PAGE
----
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Mauldin October 22

Mauldin October 22

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Mauldin October 22
Mauldin October 22

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Outside the Box 
is a free weekly economics e-letter by best-selling author and renowned financial expert JohnMauldin. You can learn more and get your free subscription by visiting www.mauldineconomics.com 
Page 1
Earnings Growth to Ramp Up? Call Me a Skeptic
John Mauldin | October 22, 2013
In today’s
Outside the Box,
Sheraz Mian, Director of Research for Zacks Investment Research, gives us anoverview of corporate earnings trends for the past several quartersand consensus expectations going forward,and asks, “How realistic are these expectations?” Not very, he says, and tells us why. This is the sort of thorough, no-nonsense analysis Zacks is famous for.Zacks Investment Research was founded in 1978 by Len Zacks, PhD. Many innovations have come from thisfirm over the years, including the creation of the Earnings Consensus that many investors use now to compareversus actual earnings reports. Most notably, Len discovered the predictive power of earnings estimaterevisions. He harnessed these benefits into the proprietary Zacks Rank stock rating system that has allowed Zacks Rank to compile an outstanding track record.I am in New York for the next few days doing a media “tour” for my new book,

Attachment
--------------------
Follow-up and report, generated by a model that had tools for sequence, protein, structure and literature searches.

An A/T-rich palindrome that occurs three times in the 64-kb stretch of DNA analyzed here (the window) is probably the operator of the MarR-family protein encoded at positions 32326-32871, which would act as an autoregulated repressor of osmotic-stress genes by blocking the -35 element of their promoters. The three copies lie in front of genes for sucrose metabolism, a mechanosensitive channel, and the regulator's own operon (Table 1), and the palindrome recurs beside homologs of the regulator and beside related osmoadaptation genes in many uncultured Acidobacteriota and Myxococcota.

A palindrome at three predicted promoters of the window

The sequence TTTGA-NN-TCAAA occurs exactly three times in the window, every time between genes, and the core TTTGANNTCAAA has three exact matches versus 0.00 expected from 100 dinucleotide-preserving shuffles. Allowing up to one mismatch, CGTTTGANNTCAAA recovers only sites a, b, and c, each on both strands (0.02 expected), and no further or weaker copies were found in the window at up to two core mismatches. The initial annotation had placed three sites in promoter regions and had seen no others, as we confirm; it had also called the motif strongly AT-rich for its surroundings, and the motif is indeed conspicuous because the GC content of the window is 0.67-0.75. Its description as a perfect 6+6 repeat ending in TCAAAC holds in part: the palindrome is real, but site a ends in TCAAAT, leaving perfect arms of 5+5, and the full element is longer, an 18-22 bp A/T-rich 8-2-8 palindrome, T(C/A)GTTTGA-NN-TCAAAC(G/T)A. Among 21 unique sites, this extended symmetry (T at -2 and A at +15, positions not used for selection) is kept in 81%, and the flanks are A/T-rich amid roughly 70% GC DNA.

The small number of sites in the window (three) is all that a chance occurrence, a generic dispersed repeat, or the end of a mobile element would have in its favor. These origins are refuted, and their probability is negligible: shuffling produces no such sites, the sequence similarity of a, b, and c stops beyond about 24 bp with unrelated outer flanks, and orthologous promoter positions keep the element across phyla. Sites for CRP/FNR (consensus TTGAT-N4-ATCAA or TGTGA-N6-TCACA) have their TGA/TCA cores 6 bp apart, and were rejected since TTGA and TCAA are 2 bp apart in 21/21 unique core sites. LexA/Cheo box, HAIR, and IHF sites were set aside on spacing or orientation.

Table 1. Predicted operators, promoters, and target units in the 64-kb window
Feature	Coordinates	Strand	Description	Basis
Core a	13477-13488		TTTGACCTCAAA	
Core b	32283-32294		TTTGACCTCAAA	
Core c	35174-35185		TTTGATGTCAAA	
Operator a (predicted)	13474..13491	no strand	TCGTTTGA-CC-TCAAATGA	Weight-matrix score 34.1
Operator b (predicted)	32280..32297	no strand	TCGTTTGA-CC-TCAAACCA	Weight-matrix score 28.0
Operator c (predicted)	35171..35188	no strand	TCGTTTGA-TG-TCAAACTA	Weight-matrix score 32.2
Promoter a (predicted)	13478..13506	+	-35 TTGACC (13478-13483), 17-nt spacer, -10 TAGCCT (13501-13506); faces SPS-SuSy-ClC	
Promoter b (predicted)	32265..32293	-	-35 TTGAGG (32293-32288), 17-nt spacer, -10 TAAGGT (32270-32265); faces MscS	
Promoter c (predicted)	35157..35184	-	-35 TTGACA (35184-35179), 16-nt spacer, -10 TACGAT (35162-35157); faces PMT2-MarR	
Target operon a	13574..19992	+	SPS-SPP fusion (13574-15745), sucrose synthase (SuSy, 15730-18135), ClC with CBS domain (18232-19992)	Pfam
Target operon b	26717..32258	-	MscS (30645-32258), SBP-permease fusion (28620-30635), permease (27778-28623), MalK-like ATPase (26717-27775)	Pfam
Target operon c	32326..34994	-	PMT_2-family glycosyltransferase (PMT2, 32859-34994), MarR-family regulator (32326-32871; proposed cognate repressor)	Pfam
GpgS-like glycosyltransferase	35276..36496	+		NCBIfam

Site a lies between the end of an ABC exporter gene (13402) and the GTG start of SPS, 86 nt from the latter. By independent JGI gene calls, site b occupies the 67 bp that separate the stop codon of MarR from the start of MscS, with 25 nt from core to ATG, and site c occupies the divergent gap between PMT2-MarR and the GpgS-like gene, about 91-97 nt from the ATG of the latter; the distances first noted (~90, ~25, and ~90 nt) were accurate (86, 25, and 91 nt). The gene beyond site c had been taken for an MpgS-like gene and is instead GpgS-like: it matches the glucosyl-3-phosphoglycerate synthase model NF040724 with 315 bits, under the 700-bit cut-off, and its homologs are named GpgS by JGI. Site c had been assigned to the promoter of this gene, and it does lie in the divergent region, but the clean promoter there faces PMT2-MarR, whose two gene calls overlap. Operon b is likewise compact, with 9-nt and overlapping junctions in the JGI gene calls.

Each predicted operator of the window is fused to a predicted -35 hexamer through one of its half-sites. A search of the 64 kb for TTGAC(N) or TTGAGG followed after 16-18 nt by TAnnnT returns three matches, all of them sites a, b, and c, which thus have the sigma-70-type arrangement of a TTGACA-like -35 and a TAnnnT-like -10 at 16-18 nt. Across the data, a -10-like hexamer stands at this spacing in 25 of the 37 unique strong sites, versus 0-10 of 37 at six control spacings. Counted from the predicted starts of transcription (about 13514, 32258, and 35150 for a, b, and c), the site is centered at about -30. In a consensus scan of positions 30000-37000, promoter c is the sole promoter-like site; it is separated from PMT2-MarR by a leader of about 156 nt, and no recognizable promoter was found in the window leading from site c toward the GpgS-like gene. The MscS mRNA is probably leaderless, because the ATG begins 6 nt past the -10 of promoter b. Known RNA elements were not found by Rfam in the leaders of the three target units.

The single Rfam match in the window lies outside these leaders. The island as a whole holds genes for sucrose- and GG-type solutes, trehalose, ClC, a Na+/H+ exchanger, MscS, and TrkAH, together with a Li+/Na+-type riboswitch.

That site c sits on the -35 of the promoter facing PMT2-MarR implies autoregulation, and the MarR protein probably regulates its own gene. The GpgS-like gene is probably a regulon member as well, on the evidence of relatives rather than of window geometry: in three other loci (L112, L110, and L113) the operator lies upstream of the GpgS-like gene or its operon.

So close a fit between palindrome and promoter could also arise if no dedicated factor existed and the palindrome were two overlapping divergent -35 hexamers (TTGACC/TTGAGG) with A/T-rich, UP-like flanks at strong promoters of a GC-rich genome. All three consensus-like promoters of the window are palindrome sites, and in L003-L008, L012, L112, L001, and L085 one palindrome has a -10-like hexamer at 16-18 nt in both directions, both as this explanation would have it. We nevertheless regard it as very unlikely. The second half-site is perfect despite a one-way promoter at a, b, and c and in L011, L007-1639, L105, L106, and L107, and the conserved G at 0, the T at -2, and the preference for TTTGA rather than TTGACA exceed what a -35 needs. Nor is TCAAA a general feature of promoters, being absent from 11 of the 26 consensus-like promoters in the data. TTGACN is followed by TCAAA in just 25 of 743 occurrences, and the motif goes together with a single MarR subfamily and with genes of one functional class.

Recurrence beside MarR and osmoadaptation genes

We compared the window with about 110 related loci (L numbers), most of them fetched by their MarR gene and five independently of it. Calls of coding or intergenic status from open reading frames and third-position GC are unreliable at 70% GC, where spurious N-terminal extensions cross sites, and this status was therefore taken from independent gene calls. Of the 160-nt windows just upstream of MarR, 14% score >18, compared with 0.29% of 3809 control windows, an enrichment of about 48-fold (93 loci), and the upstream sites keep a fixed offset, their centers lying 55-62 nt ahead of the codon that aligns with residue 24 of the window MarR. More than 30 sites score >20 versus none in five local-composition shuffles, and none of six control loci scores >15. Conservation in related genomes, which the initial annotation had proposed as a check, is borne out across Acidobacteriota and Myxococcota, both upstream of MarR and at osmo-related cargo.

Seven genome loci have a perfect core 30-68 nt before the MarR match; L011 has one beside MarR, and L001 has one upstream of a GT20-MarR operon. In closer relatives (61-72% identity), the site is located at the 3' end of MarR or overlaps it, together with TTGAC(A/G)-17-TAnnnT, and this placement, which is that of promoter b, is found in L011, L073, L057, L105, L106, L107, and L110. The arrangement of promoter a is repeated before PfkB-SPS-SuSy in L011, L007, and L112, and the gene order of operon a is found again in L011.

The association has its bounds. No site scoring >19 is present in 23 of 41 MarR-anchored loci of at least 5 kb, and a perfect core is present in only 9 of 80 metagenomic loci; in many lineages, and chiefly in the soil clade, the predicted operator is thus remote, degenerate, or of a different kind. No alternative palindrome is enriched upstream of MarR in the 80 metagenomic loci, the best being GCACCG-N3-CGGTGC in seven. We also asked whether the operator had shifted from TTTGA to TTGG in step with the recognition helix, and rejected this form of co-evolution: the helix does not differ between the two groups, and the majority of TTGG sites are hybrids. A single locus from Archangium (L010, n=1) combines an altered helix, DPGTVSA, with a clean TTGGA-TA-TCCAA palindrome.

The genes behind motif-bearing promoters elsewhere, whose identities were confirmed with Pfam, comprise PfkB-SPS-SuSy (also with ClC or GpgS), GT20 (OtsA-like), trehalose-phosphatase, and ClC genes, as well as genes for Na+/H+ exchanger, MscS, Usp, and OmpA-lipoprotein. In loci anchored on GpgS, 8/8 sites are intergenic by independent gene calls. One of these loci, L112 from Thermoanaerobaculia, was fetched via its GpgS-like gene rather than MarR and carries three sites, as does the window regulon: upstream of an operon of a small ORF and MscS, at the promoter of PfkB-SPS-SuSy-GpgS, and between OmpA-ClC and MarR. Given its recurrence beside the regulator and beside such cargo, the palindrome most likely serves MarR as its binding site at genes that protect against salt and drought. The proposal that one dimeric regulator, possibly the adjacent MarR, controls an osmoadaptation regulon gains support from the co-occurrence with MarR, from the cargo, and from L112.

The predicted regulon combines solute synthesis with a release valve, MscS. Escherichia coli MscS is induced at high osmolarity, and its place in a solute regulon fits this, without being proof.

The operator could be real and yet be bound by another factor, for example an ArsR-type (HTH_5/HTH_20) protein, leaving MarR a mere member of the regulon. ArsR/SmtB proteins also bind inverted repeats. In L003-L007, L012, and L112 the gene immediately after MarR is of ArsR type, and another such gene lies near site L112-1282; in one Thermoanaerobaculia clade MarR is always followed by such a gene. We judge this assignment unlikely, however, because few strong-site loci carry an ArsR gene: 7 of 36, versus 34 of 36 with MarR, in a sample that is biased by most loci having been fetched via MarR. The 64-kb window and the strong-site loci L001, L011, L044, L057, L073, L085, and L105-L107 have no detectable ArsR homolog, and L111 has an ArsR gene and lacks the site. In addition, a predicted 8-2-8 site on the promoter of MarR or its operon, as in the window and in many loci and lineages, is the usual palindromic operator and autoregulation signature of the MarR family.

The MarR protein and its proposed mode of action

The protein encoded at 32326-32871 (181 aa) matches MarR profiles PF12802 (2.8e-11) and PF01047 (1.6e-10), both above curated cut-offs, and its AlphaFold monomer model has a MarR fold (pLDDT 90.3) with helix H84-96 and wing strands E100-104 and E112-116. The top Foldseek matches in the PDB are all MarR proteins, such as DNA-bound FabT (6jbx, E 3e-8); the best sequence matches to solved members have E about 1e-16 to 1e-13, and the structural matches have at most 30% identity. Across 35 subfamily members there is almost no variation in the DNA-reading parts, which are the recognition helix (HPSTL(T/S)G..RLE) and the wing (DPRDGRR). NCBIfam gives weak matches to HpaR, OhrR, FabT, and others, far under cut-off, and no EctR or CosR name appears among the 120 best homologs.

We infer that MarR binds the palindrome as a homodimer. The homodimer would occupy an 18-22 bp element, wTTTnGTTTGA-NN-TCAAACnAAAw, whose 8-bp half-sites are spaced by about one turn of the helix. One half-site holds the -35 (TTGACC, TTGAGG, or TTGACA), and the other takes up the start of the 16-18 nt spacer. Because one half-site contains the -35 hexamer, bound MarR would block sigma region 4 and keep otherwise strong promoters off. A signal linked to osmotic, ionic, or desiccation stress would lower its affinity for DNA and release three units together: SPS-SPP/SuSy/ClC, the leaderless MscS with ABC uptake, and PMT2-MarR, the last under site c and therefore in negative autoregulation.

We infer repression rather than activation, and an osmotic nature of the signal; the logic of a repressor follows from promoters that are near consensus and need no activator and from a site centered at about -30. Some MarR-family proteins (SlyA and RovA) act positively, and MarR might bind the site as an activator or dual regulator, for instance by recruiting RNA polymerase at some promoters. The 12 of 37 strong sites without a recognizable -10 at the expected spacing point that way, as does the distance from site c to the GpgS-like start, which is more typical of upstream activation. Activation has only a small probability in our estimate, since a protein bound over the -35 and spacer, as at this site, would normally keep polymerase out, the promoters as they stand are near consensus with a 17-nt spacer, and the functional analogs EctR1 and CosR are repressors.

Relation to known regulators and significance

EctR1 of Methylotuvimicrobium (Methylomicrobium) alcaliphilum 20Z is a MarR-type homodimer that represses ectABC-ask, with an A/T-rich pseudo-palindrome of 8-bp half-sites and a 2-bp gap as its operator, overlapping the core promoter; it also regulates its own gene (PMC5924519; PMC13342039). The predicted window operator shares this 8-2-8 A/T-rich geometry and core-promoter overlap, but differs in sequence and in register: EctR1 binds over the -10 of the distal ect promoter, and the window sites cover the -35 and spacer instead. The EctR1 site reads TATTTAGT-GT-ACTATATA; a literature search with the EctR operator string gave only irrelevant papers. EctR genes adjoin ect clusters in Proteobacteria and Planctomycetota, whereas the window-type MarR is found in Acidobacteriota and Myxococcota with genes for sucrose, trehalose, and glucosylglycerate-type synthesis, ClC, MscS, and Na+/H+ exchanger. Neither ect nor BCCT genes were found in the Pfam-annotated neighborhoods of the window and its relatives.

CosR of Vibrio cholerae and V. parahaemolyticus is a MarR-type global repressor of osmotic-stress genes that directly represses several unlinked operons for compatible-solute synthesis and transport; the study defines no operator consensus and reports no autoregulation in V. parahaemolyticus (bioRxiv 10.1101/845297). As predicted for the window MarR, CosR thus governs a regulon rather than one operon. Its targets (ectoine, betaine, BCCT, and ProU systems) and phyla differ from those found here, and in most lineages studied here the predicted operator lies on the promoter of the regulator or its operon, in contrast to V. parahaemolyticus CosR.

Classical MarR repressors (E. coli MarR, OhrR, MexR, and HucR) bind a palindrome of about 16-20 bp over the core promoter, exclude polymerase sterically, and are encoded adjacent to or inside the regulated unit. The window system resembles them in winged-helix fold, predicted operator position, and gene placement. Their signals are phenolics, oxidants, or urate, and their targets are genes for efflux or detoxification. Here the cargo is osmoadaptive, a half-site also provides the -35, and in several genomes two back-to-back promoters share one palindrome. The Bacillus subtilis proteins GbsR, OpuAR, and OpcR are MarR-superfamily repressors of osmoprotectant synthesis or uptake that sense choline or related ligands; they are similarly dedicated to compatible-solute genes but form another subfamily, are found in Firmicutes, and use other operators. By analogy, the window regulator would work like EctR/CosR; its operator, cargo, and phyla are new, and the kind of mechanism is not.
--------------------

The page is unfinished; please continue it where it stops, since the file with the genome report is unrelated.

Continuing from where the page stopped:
Code Red,
which will be outnext week. I saw the book for the first time last night and sat down to read it again, skipping here and there,somewhat like a curious father viewing his new offspring. Co-author Jonathan Tepper and I will be speakingand sitting for a video as well. Tom Keene was very complimentary about the book this morning. It willhopefully be in bookstores this weekend.The headline on Bloomberg as I send this note is “Europe Breakup Forces Mount as Union RelevanceFades.” You can go to the bank that this will mean the ECB will soon be issuing yet another Code Red version of easy money to try and smooth over a crisis. It’s a familiar pattern. And one that in the end will notyield the results they desire.I hope this book does as well as